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Bonfire spirit burns brightly as Burgess Hill’s big night returns

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Bonfire fans celebrated a momentous summer of history-making with a flaming tribute as Burgess Hill’s Bonfire Carnival returned in dazzling style.

Members of Burgess Hill Bonfire Society, which organised the evening, carried a burning banner with reminders of the the Queens Diamond Jubilee and the Olympics.

And they shrugged aside the disappointment of having to cancel the 2011 parade by carring aloft the confident motto “Burgess Hill Burns Brightly” as crowd cheered one of the most colourful displays seen through the streets of the town.

Veteran member of the society Peter Wallis returned from a holiday in Yorkshire at 7pm and then walked from his home to support his pals

in the main parade.

Bonfire societies from across Sussex turned out in force to swell the ranks of the dazzling torchlit parade, including Chailey, Fletching and the joint Isfield and Little Horsted group.

Local groups supported the parade, including the Burgess Hill Marching Youth band, the Theatre Club, and the rugby club.

On a calm, warm evening lit by a full moon in a clear sky thousands of people of all ages shook of the long-running recession blues as they lined the route to admire the dazzling costumes.

Striped smugglers and elegant Aztecs mingled with charming maidens, powerful Zulus, red-jacketed troopers, and one group named Seaford Shags after the seaside birds.

Youngsters pestered their parents to buy flashing wands and some staged mock sword-fights as the crowd waited for the first parade to pass, from Cyprus Road car park.

Standing on the steps of the Lloyds TSB building in Church Road the relatively warm evening air was Burgess Hill Mayor Chris Thomas-Atkin, with other VIPs casting eyes over the passing parade.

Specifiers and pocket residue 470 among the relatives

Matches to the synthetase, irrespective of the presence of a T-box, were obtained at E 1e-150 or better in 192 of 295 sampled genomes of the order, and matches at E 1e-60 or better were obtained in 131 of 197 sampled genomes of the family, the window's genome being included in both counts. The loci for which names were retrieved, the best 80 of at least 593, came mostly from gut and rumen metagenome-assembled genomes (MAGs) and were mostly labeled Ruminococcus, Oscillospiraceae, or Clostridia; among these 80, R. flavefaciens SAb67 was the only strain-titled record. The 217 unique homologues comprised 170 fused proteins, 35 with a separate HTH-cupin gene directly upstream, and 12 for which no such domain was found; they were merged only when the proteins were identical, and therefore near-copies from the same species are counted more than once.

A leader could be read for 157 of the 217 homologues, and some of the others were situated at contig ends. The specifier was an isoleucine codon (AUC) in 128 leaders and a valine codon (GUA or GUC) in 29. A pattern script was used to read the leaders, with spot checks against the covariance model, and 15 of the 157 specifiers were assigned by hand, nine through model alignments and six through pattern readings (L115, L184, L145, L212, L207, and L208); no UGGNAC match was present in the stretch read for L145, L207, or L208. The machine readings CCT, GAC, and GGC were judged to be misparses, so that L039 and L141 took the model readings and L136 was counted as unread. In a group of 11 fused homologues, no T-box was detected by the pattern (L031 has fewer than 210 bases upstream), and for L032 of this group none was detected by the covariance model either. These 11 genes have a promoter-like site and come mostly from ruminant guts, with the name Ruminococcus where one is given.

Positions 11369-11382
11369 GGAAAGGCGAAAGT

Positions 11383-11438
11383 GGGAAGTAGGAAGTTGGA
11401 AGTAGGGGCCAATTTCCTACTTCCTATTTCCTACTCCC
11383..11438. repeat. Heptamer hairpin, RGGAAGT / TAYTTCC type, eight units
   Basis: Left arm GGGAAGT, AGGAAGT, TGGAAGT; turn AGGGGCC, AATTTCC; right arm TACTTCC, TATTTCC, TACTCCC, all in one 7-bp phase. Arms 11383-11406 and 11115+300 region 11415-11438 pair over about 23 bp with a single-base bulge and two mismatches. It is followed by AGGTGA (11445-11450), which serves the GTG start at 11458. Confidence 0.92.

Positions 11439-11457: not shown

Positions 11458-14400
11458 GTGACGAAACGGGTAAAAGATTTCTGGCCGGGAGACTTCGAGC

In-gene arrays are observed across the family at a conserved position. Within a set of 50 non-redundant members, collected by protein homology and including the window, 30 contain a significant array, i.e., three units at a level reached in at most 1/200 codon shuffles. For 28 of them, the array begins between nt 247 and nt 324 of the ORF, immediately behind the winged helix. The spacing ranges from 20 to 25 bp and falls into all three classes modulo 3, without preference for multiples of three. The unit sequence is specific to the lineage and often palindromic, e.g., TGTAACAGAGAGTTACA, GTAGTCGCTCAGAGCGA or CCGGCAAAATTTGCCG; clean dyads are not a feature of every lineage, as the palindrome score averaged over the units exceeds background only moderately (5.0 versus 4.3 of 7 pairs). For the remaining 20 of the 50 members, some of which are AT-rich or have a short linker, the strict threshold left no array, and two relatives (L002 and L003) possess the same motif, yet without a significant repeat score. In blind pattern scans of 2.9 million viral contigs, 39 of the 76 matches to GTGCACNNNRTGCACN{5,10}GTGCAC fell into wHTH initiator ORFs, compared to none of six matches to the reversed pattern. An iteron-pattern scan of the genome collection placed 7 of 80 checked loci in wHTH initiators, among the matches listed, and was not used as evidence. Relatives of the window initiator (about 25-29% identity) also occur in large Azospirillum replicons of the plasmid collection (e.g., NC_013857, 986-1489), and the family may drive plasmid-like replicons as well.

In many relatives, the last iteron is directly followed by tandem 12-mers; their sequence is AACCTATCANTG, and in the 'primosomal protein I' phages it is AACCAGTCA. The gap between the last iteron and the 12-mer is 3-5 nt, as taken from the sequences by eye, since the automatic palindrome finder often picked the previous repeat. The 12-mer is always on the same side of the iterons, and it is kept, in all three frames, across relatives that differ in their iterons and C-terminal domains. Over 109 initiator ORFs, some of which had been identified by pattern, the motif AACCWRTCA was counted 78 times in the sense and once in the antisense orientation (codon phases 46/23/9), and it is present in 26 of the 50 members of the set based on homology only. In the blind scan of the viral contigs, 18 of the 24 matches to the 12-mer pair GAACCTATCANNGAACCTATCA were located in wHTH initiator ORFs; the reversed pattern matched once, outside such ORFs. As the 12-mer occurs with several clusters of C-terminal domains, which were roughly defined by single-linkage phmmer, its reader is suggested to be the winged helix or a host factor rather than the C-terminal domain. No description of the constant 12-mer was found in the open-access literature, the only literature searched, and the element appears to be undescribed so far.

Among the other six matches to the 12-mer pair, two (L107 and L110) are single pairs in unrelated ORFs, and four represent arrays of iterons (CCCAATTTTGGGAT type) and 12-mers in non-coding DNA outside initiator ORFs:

It was rousing return for the long-established carnival, rounded off by a bonfire and celebratory fireworks at Fairfield Road, where the crowd also enjoyed Benson’s funfair.

And the spectators gave donations to the four charities supported by the evening;

Mum of three boys Kerri Smith, from Haywards Heath, who was raised in Burgess Hill, summed up the reaction of the crowd by telling a reporter as the parade passed “Burgess Hill doesn’t have a lot of traditions, does it? Personally I think it’s good this one has been saved, as I think we need something to cheer us up with this recession stuff going on. I hope people help them keep it running, my kids love it.”

Dougie Jones, an older resident who recently moved to Burgess Hill, said: “A few bob in the collecting tin isn’t bad for an event like this, is it? My grand-daughter loved the costumes. Lovely show isn’t it?”

The evening ended with a the sound of a fireworks display booming across the town in the still air.

Mr Thomas Atkin said:

“It was great to see the Bonfire event back this year. I know that the society has worked hard throughout the year in their planning and preparations for what is an important event in the Town’s calendar. It is always well supported and enjoyed by many, and benefits businesses in the town as well as raising funds for local charities.”

The fire banners marking the Queen’s Jubilee, the Olympic and Paralympic Games were a fitting tribute to those events which have made 2012 a memorable year for our country.”

 

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